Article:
We revealed that as many as forty-five well-known Van Goghs might be fakes. Now John Leighton, director of the Van Gogh Museum, Amsterdam, responds

"There is room for uncertainty around the edges"


Does it matter if some “Van Goghs” are fakes?

For us at the Van Gogh Museum it is extremely important to determine what is authentic. Van Gogh forms the core of our collection and research into his work is one of our central tasks. We welcome discussion about attribution. It is always healthy for museum curators and art historians not to take attributions for granted. It is always good practice to question one’s presumptions.

Around a hundred Van Goghs have recently been questioned by various experts. Do you believe that ultimately this number of works may be downgraded?

My instinct is that we are dealing with far fewer works than the numbers which are being bandied about. The main body of the artist’s work is secure, but as with any artist, there is room for uncertainty around the edges.

It is part of our job to set about the slow patient work of establishing the exact limits of the artist’s oeuvre. As a relative newcomer to Van Gogh studies, I find that the research into the artist’s work has been rather variable in quality. Here at the museum, we aim to set high standards and to work for the long term.

Why is the museum only willing to comment on the authenticity of paintings in its own collection?

Like many museums, we have a clear policy with regard to publicising our opinions on works that belong to other institutions or private owners. The rule is that, unless we have the owner’s permission to do otherwise, we keep our opinions to ourselves. This is partly to do with protecting the museum and its staff over legal matters, but it is also to do with professionalism and good manners.

The private owners who come to us have a right to expect that we will deal with them in confidence. We also respect the expertise of our colleagues in other museums and we recognise their right to catalogue the works in their care. But it is impossible to legislate for every circumstance, and in compiling a catalogue raisonné, for example, we have to be free to express our opinion. Where possible, we try to do this with the blessing of the owner.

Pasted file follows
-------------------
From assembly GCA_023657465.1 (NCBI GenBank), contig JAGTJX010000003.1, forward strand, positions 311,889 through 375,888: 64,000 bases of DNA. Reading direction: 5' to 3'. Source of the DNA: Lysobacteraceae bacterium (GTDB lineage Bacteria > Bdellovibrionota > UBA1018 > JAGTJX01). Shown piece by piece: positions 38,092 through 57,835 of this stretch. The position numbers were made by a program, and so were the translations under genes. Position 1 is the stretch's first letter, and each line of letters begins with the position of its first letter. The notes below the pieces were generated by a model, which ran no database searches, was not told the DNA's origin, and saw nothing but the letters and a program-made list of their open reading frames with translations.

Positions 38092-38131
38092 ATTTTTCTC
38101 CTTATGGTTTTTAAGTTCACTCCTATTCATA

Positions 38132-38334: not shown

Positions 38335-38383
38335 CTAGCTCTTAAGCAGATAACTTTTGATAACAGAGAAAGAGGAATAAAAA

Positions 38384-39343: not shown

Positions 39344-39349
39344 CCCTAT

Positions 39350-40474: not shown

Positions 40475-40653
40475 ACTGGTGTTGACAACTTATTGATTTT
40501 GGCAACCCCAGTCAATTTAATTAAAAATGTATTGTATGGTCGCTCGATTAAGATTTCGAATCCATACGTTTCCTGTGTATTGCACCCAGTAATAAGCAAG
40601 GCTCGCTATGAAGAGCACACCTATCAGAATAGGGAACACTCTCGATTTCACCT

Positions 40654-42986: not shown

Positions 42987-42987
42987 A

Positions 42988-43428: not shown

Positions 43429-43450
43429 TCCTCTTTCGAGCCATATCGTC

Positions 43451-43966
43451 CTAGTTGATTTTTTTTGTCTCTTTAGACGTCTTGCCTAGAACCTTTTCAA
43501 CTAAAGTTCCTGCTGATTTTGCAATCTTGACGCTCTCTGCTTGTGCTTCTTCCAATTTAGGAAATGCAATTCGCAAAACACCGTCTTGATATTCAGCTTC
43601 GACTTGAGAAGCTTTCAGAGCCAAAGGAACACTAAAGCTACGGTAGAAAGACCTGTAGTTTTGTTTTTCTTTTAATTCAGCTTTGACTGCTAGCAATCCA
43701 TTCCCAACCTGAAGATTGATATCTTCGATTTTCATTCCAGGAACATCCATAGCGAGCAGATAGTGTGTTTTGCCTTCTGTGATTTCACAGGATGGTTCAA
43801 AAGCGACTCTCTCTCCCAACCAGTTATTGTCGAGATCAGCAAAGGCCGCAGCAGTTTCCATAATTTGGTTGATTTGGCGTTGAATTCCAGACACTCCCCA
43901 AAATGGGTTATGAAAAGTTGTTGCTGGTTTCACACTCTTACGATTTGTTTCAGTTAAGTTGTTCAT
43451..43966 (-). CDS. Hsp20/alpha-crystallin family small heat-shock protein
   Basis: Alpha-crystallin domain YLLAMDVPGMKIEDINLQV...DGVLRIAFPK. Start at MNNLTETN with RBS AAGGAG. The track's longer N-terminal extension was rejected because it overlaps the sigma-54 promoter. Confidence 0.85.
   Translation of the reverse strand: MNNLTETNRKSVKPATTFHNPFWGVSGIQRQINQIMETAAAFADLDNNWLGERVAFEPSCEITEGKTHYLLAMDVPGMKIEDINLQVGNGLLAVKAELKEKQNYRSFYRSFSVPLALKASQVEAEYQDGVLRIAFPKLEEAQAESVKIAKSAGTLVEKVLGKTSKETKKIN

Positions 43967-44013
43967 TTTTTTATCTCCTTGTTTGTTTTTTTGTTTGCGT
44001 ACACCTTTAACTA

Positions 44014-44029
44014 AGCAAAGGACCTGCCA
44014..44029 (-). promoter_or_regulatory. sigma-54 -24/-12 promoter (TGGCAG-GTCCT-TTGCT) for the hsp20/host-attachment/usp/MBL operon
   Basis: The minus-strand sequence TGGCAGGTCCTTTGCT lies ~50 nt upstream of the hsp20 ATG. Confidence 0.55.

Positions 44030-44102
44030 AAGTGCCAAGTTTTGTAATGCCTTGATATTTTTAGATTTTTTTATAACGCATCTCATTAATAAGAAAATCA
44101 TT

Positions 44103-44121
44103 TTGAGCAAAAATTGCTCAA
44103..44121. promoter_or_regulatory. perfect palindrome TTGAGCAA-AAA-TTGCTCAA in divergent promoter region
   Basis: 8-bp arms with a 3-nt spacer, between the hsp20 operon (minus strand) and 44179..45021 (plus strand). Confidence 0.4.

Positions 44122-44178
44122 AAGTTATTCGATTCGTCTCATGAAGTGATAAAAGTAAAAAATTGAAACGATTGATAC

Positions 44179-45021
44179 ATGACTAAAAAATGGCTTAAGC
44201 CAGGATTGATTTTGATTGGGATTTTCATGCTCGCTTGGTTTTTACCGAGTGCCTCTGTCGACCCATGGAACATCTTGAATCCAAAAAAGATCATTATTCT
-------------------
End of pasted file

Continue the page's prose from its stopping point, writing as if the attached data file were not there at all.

What assistance can the Van Gogh Museum offer over authentication?

As a research centre, our facilities and expertise are available to anyone. We receive around five enquiries a week from members of the public who want us to provide an opinion on works which they believe to be by Van Gogh. We are keen to help and there is no fee. But in the end it is up to the curators to decide how much time to devote to a particular enquiry.

To what extent do modern scientific techniques help?

Late nineteenth-century artists generally used commercially produced materials, so technical analysis is most useful for excluding possibilities rather than providing definitive answers. With Van Gogh, the evidence provided by scientists or restorers can provide useful clues, but is usually part of a wider research that involves archival sources as well as connoisseurship. We should not be dismissive of the power of the experienced human eye.

Should there be the equivalent of the Rembrandt Research Project?

I don’t believe there should be a formal committee that attempts to reach a consensus on every disputed work by Van Gogh. Having said that, I think there is scope for the Vmuseum to provide more of a forum for debate about the artist. At the moment I am considering holding informal meetings of experts, including outside scholars, to discuss issues such as authenticity, without the pressure to reach definitive, collective decisions.

Will there eventually be a new catalogue raisonné?

Our curators are working to produce detailed catalogues of our own paintings and drawings. These publications are thoroughly researched and the expertise that will be accumulated will be invaluable for the revision of the catalogue raisonné. We also have a team working on a complete annotated edition of Van Gogh’s letters. This means that the revised catalogue raisonné is some years off.

Do you intend to become involved personally in issues of authenticity?

For the moment, no. My role is to facilitate the work of the curators and to encourage high standards of research. In the longer term... well, I imagine that the more I become involved in the details of these debates, the harder it will be to stay out of the fray.

Originally appeared in The Art Newspaper as: Uncertainty at the edges


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